Sarah Lucas has a limitless talent for making ordinary life sensational. By recontextualizing everyday items — food, furniture, the people closest to her — she is able to imbue these things with new, often sexual, meanings and forge new relationships between them. With an unrepentant humor, she pieces together a unique commentary on human society that is made even more profound by the simplicity and ubiquity of the materials with which she does it. “Sarah Lucas: Au Naturel” is a sprawling retrospective of the British artist’s work, on view at the New Museum in New York.
Famed art collector Charles Saatchi attended “Freeze” in 1988 and soon after began acquiring many Young British Artists’ works. In 1997, in collaboration with the London Royal Academy of Arts, Saatchi put together “Sensation,” an exhibition of his personal collection of Young British Artists’ works. The show included works by Sarah Lucas, in addition to pieces by Damien Hirst, Fiona Rae, Chris Ofili, Tracey Emin and others. After drawing controversy and roughly 300,000 visitors, the show traveled to Berlin and then onto New York where it was exhibited at the Brooklyn Museum of Art. Chris Ofili’s “The Holy Virgin Mary” drew the personal ire of New York’s then mayor, Rudolph Giuliani. Needless to say, the show drew a record number of visitors in New York, too.
Included in “Sensation” was the Sarah Lucas piece entitled Au Naturel (1994), which is the piece from which her current show at the New Museum takes its title. Consisting of two melons, two oranges, a cucumber and a fire water bucket suggestively situated in a bent, old mattress, Au Naturel is an apt introduction to Lucas’s work.
Au Naturel currently shares a room with two similarly conceived works entitled The Old Couple (1991) and Two Fried Eggs and a Kebab (1992), which, as their label notes, were originally shown in a London storefront in 1992 as the only pieces of an exhibition entitled “The Whole Joke.” The Old Couple makes use of two worn wooden chairs. At the center of one, Lucas has adhered a phallus made of wax. At the center of the other, she has attached a set of open dentures — teeth up. The chairs are boldly endowed with human sexual traits and can obviously no longer be used simply for sitting, while they nevertheless remain signifiers of mundane, daily life.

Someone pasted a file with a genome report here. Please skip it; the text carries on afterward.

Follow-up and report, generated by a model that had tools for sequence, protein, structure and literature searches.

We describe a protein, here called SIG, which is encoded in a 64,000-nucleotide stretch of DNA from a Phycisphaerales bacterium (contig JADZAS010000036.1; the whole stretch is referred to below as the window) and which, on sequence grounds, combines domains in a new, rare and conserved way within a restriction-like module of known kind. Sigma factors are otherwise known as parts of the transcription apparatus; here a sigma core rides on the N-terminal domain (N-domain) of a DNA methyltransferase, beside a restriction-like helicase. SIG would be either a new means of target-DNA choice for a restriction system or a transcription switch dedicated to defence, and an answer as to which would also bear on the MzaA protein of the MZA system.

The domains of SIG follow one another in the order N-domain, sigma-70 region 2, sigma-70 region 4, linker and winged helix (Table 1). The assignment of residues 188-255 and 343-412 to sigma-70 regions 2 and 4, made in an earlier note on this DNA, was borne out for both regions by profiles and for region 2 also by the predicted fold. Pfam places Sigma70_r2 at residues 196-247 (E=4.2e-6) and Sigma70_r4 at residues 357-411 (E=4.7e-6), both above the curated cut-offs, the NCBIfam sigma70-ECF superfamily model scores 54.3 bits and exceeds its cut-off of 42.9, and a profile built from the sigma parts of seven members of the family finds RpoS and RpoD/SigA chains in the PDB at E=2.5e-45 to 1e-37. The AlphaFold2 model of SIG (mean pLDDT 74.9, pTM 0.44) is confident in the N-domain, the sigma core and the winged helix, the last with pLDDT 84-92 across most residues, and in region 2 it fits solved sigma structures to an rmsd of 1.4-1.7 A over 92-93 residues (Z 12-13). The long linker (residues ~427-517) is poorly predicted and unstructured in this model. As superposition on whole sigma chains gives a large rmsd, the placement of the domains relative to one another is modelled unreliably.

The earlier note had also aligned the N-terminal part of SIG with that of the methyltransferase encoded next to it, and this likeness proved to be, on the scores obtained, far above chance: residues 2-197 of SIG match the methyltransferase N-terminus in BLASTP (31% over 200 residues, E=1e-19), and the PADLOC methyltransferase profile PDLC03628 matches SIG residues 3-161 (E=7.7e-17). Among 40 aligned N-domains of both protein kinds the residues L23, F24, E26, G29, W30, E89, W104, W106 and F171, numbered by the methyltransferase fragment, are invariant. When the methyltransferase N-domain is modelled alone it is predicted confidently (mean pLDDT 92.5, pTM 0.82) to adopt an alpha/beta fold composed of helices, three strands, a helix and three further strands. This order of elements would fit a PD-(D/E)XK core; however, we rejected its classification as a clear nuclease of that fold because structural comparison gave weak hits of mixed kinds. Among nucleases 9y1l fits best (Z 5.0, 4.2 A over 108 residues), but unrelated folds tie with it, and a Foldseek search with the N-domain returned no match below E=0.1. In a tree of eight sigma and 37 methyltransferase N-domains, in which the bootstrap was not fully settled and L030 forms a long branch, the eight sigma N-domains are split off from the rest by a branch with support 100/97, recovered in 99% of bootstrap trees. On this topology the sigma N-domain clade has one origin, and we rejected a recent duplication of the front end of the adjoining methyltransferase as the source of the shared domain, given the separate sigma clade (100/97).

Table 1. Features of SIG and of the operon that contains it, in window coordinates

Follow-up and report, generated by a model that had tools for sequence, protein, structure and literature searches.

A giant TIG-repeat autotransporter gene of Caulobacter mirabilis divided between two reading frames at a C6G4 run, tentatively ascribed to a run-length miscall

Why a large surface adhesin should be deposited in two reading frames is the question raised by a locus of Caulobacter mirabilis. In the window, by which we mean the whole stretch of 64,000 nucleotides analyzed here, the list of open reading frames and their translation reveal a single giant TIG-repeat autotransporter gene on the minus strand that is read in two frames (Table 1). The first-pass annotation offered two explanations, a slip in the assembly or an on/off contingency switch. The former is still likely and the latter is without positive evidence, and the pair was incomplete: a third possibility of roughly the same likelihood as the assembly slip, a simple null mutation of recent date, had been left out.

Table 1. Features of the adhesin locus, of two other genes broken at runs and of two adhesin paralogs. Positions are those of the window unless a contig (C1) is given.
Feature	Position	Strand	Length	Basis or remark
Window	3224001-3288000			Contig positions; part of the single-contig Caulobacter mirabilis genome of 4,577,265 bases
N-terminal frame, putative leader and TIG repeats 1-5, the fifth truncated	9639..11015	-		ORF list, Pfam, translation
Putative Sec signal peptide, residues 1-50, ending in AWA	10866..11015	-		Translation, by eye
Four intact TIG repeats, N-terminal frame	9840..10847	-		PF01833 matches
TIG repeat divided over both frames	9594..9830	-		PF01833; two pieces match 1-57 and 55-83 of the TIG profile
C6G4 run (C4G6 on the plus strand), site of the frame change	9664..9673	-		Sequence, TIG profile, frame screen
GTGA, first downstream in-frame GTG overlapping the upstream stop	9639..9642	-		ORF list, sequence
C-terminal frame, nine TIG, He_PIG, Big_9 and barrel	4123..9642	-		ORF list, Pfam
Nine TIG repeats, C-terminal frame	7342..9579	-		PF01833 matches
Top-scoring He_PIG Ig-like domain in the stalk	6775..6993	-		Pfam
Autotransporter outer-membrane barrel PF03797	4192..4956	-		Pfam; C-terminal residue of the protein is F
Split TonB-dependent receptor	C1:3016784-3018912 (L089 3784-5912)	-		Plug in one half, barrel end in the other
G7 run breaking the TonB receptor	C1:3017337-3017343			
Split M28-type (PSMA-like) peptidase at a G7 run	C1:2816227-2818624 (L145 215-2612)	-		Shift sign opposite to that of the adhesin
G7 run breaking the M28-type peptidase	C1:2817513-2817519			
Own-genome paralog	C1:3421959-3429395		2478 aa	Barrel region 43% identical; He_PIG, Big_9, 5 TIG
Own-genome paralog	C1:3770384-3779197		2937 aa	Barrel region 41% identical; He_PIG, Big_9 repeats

Two Fried Eggs and a Kebab consists of a long wooden table on top of which are placed two fried eggs and a kebab — both cooked daily — and a photograph of the meal. Making use of British slang, Lucas uses the fresh and common food items to denote female sexual organs extensively on display and objectified live and on film.
“Egg Massage” (2015) can be viewed, perhaps, as a reinterpretation of Two Fried Eggs and a Kebab. It is a short video set at the home of gallery owner Sadie Coles and photographer Juergen Teller, which was filmed the evening of New Year’s 2015. In it, Lucas, a smile on her lips and a knife in one hand, cracks and lathers numerous eggs all over the body of her husband and fellow artist, Julian Simmons, who lies naked atop a table surrounded by lit candles and fruit. Three women — Sadie Coles, Pauline Daly, Yoko Brown — and a small dog look on from nearby chairs as the ritual unfolds. Teller photographs close-ups of Simmons as his body receives its yellow anointing. The script is flipped and everyone, including Simmons, appears to be rather enjoying it.